As agreements of these co-operation projects were signed by other institutions, the Government does not have details of these co-operation projects. According to the project summary provided by the Conference, those institution co-operation projects related to training and exchange of healthcare professionals are mainly aimed at enhancing such exchanges, and do not involve any content related to the registration qualifications and practice of non-locally trained healthcare professionals in Hong Kong.
Hong Kong has a competitive edge in healthcare professional training. We notice that training exchanges for healthcare professionals among various professional institutions of Hong Kong and the Mainland are on the rise.
Provided that the provision of healthcare services in Hong Kong will not be compromised, the Government welcomes the efforts made by local healthcare training providers and professional bodies to enhance training exchanges for healthcare professionals between Hong Kong and the Mainland through various means.
(2) At present, the registration and practice of registered medical practitioners as well as registered and enrolled nurses in Hong Kong are stipulated in the Medical Registration Ordinance (Cap. 161) and the Nurses Registration Ordinance (Cap. 164) respectively.
As mentioned, the Agreement and the institution co-operation projects do not involve any content related to the registration qualifications and practice of non-locally trained healthcare professionals in Hong Kong. The Government has no plans to revise the requirements for non-locally trained doctors and nurses to register and practise in Hong Kong.
According to section 8(1)(a) of the Medical Registration Ordinance, a person may directly apply for full registration as a medical practitioner with the Medical Council of Hong Kong (MCHK) only if he/she has been awarded a degree of medicine and surgery by the Chinese University of Hong Kong or the University of Hong Kong and has completed internship training.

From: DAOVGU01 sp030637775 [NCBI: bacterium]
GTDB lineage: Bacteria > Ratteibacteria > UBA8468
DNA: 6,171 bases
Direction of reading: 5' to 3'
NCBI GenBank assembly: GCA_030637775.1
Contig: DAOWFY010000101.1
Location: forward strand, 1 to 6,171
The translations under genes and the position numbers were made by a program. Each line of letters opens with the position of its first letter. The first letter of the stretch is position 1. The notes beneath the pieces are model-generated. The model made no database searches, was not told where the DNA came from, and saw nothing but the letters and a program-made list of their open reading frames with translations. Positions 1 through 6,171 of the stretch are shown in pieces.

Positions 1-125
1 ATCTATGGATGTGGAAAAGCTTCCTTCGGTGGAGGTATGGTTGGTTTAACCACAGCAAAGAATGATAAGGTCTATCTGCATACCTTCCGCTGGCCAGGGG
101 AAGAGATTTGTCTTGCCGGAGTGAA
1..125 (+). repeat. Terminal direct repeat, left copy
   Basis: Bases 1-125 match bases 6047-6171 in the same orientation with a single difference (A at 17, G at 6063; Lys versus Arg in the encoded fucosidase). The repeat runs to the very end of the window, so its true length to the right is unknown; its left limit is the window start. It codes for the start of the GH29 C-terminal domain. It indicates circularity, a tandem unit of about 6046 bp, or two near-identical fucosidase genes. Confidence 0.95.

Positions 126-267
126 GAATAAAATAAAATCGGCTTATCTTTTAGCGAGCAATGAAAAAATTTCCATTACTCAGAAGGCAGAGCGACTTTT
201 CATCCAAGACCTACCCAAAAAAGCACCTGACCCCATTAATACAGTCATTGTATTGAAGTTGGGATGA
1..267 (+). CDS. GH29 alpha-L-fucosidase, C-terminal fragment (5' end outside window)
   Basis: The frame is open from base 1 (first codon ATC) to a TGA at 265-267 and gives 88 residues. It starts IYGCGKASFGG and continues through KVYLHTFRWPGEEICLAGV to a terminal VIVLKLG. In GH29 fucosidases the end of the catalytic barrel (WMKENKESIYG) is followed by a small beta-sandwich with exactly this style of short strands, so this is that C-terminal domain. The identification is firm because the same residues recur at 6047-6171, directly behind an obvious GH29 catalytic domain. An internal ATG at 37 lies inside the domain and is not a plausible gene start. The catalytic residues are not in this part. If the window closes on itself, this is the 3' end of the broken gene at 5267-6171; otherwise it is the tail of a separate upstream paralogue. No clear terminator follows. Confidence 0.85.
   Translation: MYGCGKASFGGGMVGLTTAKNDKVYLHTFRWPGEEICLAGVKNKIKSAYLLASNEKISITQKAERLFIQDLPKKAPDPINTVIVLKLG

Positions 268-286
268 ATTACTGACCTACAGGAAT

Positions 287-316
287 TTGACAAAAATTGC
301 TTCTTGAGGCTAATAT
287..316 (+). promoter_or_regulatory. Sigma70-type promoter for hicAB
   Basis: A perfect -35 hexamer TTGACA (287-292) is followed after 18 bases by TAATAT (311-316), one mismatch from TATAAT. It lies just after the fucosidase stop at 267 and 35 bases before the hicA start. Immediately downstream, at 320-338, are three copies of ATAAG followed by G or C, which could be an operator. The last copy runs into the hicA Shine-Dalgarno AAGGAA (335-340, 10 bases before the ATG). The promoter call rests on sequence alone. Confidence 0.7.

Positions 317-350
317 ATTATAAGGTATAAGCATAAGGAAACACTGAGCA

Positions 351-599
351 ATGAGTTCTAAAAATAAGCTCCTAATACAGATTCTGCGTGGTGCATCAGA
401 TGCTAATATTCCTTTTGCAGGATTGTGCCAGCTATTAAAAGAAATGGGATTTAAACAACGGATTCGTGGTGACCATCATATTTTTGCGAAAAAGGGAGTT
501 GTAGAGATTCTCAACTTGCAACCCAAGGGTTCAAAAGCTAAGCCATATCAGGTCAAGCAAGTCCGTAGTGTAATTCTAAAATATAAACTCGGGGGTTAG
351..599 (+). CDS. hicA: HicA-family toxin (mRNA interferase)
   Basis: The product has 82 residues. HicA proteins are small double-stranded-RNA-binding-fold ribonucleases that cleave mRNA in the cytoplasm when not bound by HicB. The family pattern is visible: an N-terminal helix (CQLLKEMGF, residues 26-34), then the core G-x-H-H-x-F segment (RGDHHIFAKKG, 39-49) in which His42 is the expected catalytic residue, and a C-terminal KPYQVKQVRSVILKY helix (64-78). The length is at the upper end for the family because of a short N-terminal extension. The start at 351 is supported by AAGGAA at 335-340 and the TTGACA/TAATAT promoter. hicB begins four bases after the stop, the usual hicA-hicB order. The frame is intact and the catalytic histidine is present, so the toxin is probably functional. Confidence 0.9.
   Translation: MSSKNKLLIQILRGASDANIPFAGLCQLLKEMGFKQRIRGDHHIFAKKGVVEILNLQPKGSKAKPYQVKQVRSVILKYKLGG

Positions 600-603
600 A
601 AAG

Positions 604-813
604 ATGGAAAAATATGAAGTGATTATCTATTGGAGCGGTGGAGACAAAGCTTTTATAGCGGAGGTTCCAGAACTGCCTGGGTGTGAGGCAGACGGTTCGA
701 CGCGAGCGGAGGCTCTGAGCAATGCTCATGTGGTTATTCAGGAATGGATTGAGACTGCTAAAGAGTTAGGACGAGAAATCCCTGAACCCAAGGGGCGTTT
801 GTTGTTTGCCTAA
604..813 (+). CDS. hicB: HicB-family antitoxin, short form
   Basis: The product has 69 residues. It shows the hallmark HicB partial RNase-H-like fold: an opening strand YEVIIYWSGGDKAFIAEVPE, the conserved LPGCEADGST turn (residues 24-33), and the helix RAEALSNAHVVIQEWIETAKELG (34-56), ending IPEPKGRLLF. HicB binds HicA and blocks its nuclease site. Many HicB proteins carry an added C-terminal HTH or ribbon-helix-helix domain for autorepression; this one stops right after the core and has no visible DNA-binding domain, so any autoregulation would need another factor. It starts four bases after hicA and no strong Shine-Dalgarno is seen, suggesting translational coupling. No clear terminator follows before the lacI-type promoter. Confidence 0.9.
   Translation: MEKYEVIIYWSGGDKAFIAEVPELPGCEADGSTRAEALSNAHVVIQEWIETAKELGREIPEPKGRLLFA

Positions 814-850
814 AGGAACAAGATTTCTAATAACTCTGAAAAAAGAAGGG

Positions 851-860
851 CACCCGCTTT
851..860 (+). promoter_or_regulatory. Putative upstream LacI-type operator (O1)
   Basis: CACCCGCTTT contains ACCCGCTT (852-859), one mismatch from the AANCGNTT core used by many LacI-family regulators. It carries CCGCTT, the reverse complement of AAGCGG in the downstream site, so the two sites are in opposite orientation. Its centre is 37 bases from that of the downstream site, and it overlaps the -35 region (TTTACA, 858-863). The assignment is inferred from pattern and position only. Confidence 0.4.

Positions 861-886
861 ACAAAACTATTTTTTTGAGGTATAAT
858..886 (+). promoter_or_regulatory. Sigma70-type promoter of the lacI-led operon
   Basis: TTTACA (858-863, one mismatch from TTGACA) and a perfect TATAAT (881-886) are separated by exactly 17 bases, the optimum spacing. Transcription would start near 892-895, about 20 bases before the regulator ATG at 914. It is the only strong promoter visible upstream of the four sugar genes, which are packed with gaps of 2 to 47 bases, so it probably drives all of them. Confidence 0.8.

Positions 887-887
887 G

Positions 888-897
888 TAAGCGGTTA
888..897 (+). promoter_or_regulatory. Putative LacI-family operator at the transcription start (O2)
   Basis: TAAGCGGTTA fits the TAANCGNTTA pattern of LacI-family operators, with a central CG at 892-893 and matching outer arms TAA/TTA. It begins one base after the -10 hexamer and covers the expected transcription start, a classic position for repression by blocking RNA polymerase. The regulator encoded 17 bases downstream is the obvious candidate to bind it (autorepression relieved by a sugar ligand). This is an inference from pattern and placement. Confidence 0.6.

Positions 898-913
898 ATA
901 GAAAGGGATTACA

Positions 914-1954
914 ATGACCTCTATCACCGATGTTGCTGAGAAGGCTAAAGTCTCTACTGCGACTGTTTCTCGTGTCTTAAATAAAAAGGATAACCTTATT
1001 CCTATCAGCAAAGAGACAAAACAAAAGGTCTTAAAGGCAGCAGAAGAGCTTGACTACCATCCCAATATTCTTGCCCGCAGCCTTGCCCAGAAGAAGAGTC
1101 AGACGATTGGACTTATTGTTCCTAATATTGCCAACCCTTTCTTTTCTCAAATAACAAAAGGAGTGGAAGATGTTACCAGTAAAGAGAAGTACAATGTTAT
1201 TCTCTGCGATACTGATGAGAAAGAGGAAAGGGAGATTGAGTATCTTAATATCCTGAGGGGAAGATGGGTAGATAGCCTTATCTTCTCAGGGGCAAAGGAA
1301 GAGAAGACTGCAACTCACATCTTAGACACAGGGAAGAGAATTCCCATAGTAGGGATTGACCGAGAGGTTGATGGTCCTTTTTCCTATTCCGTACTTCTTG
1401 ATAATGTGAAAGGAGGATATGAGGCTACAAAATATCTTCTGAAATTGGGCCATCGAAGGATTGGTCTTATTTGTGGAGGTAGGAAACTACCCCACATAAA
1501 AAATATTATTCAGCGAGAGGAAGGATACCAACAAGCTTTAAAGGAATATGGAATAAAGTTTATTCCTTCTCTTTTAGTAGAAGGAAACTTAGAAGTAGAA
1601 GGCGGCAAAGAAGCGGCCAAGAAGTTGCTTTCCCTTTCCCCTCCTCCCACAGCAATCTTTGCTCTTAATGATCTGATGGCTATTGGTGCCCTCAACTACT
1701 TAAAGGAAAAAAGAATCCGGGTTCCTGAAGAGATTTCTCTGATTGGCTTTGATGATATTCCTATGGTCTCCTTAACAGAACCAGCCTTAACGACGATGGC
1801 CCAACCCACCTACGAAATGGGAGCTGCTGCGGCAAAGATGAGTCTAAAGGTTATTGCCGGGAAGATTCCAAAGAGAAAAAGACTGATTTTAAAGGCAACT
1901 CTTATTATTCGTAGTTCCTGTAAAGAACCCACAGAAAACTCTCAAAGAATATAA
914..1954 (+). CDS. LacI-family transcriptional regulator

Non-locally trained doctors who wish to be medical practitioners on full registration in Hong Kong must pass the Licensing Examination administered by MCHK and complete a prescribed period of internship assessment at the Hospital Authority (HA) before they can register as medical practitioners for practice in Hong Kong.
According to the Nurses Registration Ordinance and related regulations, a person may practise as a registered or enrolled nurse only if he/she has completed the training specified by the Nursing Council of Hong Kong (NCHK). In respect of registered and enrolled nurses, a person must have satisfactorily completed a pre-registration or pre-enrolment nursing programme with a minimum duration of three years or two years respectively, which is provided by a gazetted training school and accredited by NCHK.
As for non-locally trained nurses who wish to practise as a registered or enrolled nurse in Hong Kong, they must meet the registration/enrolment requirements specified by NCHK, including passing its Licensing Examination.
(3) In the past three years, the Government has not discussed with the authorities of Guangdong or Macao any plans to facilitate the use of the public and private healthcare services in Hong Kong by residents in Guangdong and Macao. The Agreement also does not cover the above issues.
Public healthcare services in Hong Kong are heavily subsidised by the Government, targeting mainly at local eligible persons (mainly holders of Hong Kong Identity Card). Apart from emergency services, medical institutions of HA will consider providing non-emergency services for non-eligible persons (NEPs) on a case by case basis only when there is spare service capacity and the services provided for local residents will not be affected.
The rates of charges applicable to NEPs will apply.
Published on: 2018-02-07